“Because new employees that are coming to us from a referral typically already have a sense of the job and our company culture,” she said. “And the bonus is that they already have sort of a support network available to them there at work.”
Employee referrals are king at Gold Mountain Communications LLC, too. Serving clients in the vacation industry, the company uses online job board postings, campus recruiting events and radio and TV advertising, said Project Coordinator Amy Temple.
“Our number one sources of new hires, in the eight years that we have been open, has always been referrals,” she said of the 500 current employees.
“I think it says a lot about our business and keeping employees happy. So we, at all times, offer money on your paycheck for your referrals and have referral contests cycling through every couple months or so.”
ProTel offers a $100 bonus for employee referrals, Cross said.
Wiggins at the career center said creative strategies are necessary.
“The days of just posting a job, and people applying, and you choose who you want – those days are gone and probably will never return,” Wiggins said. “You have to be very proactive in the recruiting process – everyone in every industry.”
Getting outside help
This summer the career center helped five local call centers draw applicants.
ProTel and Bass Pro Shops had events at the career center, while Corporate Technologies Advantage, TeleTech and Gold Mountain invited the center’s mobile unit to their parking lots.
“It’s really impressive,” Temple said. “They have 12 different computer stations inside. They have a couple of their staff members dedicated to be here however long we need it. They help us promote the event. They do a press release for it.”
Gold Mountain utilizes the mobile unit annually – in combination with live radio broadcasts and a free barbecue – and attends multi-industry hiring events held by the career center four times per year.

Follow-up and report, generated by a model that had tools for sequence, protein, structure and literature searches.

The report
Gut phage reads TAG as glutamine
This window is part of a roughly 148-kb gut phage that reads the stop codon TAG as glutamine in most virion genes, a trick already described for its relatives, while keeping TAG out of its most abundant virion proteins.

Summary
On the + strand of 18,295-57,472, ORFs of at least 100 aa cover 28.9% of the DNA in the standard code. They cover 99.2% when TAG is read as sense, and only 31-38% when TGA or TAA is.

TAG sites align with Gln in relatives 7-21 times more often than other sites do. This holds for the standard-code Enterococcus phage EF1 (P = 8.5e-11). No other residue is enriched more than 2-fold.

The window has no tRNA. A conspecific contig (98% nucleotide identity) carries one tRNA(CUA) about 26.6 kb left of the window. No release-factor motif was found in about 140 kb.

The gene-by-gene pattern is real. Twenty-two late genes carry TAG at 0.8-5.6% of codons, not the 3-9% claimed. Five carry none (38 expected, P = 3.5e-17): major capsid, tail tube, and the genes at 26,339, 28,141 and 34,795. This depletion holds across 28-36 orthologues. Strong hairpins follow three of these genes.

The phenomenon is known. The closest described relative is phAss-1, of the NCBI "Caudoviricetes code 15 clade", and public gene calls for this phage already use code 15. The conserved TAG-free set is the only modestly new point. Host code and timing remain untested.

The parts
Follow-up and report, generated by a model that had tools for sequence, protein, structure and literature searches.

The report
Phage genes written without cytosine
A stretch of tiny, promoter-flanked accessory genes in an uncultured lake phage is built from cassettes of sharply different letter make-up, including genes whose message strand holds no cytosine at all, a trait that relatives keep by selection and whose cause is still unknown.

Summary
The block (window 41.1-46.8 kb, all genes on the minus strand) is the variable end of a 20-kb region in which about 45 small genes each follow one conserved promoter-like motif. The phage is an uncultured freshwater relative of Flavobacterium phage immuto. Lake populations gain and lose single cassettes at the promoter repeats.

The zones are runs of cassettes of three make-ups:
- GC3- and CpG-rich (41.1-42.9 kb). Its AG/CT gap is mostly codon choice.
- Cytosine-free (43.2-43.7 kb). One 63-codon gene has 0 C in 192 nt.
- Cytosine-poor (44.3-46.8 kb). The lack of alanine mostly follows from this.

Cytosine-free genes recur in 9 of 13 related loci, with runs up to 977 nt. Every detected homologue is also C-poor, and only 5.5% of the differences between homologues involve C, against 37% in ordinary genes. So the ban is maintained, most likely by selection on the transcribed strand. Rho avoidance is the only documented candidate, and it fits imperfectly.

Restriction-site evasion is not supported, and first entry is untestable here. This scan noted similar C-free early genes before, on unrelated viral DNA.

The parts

CTA moved its 10-year-old call center to a new, larger location June 18 that can house 180 telemarketers at once, but officials hope to increase the clientele and grow employment to nearly 500 part-time employees, working at various times during a 24-hour schedule.
One Call’s Frey already has completed 100 interviews and will begin training the first 35 people in August, with another 60-70 beginning by September. Job openings are posted online, and Frey said he is preparing radio and print advertising spots.
Another positive for call centers is access to Springfield’s university population.
“It’s a skilled workforce that is really functioning and proficient around communication,” TeleTech’s Griner said.
Wiggins said most call centers offer flexible schedules that are attractive to candidates.
“The world in which we live these days lends itself to people wanting to work not just Monday through Friday 8 to 5 anymore,” he said.
Search sponsored by:
It’s golf season again, and Springfield Business Journal is back with the top holes handpicked by those who best know the courses.
Kelly Lee, Business Program Manager on the Infrastructure Team at Facebook, says not just hiring practices will achieve team inclusion and diversity. Facebook takes a three pronged approach: Look for …
Should you build a new facility for your business or remodel? Many believe remodeling has a higher cost, may require you to close during construction and you still need the services of an architect. …
“I was mentored by some amazing women who run massive direct-sales companies that are CEOs and founders,” says Nancy Bogart, CEO and founder of Jordan Essentials. Bogart says there aren’t a lot …
“We were pretty naive in believing if you build a website, you can sell anything,” says David San Paolo, co-owner of Redneck Nutz. San Paolo says you shouldn’t expect word of mouth and social …
David Brazeal shows how you can turn your smartphone into a scanner and not only digitize that paper, but also organize it. In each episode of our monthly series, App-titude, David Brazeal will …
Are you trying to attract and retain caring, hardworking employees who are passionate about serving your guests? Brad Thomas, President of Silver Dollar City Attractions says it’s important to …
What would you do differently in starting your business? Charity McGill, CEO and Co-founder of Deep Water Software, says she wouldn’t change much, but wishes she had known a better way to balance …
Have you noticed changes in a coworker’s behavior? Are they making odd posts on social media? Have they said things that cause concern? Eric Schroeder, acting Corporal with the Springfield Police …
“It has a lot to do with lifestyle, and health and wellness — having daily practices that are healthy,” says Elle Feldman, co-owner Good Skin Day. Feldman likes the book, “Choose …
Chris and Jessica Ollis, owners of Spring Branch Kombucha, planned on distributing their beverage themselves. “That might actually be the issue of our business that we were probably the most naïve …